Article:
In probability theory, the probability P of some event E, denoted P(E), is usually defined in such a way that P satisfies the Kolmogorov axioms, named after Andrey Kolmogorov, which are described below.
These assumptions can be summarised as: Let (Ω, F, P) be a measure space with P(Ω)=1. Then (Ω, F, P) is a probability space, with sample space Ω, event space F and probability measure P.
An alternative approach to formalising probability, favoured by some Bayesians, is given by Cox's theorem.
The probability of an event is a non-negative real number:
where F is the event space and E is any event in F. In particular, P(E) is always finite, in contrast with more general measure theory.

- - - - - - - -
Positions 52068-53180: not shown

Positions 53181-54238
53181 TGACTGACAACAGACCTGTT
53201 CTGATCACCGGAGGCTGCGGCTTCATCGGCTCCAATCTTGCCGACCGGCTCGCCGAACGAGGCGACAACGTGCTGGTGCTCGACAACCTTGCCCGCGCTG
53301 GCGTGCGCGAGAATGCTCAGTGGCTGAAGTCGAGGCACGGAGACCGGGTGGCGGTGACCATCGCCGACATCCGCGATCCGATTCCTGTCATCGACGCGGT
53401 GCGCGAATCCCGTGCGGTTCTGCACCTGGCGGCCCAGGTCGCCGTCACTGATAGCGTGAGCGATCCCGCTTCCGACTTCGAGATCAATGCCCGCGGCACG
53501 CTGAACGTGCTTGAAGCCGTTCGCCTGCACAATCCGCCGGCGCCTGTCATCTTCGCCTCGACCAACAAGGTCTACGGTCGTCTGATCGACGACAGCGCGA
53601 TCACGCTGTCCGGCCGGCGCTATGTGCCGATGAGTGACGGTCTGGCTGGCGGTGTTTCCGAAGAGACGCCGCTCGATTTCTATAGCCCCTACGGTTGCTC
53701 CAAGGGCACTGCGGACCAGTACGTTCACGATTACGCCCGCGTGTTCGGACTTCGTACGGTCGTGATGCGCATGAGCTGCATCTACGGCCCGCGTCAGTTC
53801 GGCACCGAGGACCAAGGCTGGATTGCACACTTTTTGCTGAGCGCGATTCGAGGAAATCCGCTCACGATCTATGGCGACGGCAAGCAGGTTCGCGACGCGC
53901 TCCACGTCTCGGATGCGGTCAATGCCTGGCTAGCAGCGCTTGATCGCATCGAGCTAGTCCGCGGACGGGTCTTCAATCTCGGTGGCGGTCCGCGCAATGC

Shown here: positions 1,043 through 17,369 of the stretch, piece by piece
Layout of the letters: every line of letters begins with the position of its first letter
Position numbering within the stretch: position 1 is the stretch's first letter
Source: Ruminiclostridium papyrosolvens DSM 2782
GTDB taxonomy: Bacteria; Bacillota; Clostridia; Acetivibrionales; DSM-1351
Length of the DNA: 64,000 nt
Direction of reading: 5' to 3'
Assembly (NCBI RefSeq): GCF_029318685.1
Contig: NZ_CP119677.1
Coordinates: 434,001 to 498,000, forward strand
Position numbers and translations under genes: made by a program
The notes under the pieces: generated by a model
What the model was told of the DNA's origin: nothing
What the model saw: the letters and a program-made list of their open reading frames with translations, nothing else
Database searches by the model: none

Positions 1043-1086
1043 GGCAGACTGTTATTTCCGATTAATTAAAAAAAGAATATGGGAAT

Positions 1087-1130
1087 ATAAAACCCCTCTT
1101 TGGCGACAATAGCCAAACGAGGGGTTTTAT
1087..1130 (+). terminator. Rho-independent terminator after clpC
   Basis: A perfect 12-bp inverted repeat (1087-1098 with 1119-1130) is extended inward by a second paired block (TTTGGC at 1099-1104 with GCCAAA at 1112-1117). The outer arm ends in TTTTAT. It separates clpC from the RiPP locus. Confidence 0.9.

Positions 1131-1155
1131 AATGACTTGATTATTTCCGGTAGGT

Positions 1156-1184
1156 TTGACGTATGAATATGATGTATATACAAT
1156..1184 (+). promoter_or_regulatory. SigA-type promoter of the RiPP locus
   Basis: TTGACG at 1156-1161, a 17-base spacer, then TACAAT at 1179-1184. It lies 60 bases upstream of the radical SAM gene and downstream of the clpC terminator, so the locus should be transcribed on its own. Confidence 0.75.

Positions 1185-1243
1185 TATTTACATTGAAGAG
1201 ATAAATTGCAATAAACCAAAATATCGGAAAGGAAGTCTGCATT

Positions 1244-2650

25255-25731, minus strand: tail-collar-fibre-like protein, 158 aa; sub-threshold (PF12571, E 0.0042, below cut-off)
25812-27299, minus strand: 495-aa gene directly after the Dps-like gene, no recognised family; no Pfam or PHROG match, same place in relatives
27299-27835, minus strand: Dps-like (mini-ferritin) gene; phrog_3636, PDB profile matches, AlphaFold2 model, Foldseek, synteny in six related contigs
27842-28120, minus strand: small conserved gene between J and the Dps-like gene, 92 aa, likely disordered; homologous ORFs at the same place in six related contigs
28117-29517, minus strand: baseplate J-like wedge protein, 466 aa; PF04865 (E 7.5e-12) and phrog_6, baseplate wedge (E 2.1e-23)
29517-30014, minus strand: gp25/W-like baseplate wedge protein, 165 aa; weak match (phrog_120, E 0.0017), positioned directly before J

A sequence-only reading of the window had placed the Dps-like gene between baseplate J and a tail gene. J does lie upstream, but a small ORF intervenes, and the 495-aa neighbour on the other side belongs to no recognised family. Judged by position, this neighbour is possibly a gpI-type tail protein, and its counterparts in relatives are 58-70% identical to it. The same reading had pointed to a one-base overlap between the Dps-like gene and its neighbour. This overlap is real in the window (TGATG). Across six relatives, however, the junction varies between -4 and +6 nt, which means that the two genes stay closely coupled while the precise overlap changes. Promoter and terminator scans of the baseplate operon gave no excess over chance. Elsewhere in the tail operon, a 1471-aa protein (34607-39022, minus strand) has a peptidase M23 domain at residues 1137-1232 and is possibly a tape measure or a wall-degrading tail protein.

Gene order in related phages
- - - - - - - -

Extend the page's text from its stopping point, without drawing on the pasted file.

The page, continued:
This is the assumption of unit measure: that the probability that some elementary event in the entire sample space will occur is 1. More specifically, there are no elementary events outside the sample space.
This is often overlooked in some mistaken probability calculations; if you cannot precisely define the whole sample space, then the probability of any subset cannot be defined either.
This is the assumption of σ-additivity:
Some authors consider merely finitely additive probability spaces, in which case one just needs an algebra of sets, rather than a σ-algebra.
From the Kolmogorov axioms, one can deduce other useful rules for calculating probabilities.
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